DemosNews: Re: Do You Have a Second Life?
Re: Do You Have a Second Life?
By: Anita Spertus

Some forty years ago I remember my brother telling me about a Disney exhibit he’d visited called Carousel of Progress. I think it was sponsored by General Electric to celebrate the glory of electricity. The entire auditorium rotated as the audience sat, revealing six or seven successive tableaux. The first perhaps depicted a farmer swinging a huge axe while his wife churned, another an early refrigerator or gramps straining to hear the new crystal set pressed to his ear. Surely there was a record player in the parlor of one scene, the first home televisions, a vacuum cleaner. The last glimpsed the future: a modern couple seated in leisure clothes at home, perhaps pushing a button for instantly readied food. The exact details have become fuzzy for me now, but my brother’s concluding remark remains vivid: in the first tableau the figures looked vital and active and engaged; by the end they seemed passive plastic shadows.

That story crossed my mind again reading anouk’s excellent article on Second Life (posted June 22 ) regarding the guy sitting alone in the basement in front of the computer screen, titillating himself. It’s as if our modern urban senses have gradually narrowed to mind, eyes and finger tips. Forget about smell, or touch (unless you have a cat or a lover or small child), or the rhythm of natural sounds. Large muscle movement is mostly segregated to sport or diversion like dancing, or timeout (as in vacations.) Strange. Of course, one might say, people lost themselves in books alone when readers still read, and movies, and listened to their poets’ epic recitals. But those, good ones, wove in real emotion, and the complexity of human experience, and societal concerns, and consequences—not just spin and facade.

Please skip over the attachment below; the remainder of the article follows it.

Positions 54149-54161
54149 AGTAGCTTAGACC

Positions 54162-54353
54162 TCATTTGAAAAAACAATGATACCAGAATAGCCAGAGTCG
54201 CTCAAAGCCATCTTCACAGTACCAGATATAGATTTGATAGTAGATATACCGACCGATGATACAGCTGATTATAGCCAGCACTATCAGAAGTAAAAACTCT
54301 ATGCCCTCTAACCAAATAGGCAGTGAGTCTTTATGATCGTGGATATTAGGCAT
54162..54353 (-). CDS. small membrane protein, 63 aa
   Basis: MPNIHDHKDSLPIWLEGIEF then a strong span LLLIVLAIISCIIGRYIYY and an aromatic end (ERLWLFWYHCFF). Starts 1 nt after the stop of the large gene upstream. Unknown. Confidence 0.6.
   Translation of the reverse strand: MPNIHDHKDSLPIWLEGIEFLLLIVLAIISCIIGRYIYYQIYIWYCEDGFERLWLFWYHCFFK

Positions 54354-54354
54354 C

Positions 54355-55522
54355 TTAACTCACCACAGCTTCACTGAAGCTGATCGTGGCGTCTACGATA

The human mind does roam to very dark pockets. Poets, artists, diaries, confessionals, strange dreams voice them. A highpoint of last year’s Cezanne to Picasso show at the Metropolitan Museum of Art was a pair of exquisite, tenderly drawn watercolors of female nudes by Rodin, partly suffused with a translucent burgundy wash. But turning to the text (they were commissioned as book illustrations), words described a French erotic imagining of some rarified venue in the East to which gentlemen were transported, where love and sadistic pleasure soared until the women’s life blood dripped away drop by drop!

So why do I disdain the Second Life guy secretly pimping in the basement and fulfilling any sexual desire others imagine? I think because it’s crowd behavior-- thousands of persons unknown to one another, goading and cheering one another to more and uglier fantasies in real time.. And no consequences… except that the realities and nuance of relationships and the delicate web of care and responsibility in real society ebb, and right cheapens, and we lose touch. Already, the real and imagined—war, power, love, yearning-- flicker side by side on the tube, gradually conflating true and not true and blurring ramifications.

© 2024 Anita Spertus of DemosNews

July 4, 2007 at 11:29pm
DemosRating: 4.5
Hits: 1699

Genre: Technology (Software)
Type: Creative
Tags: virtual, world

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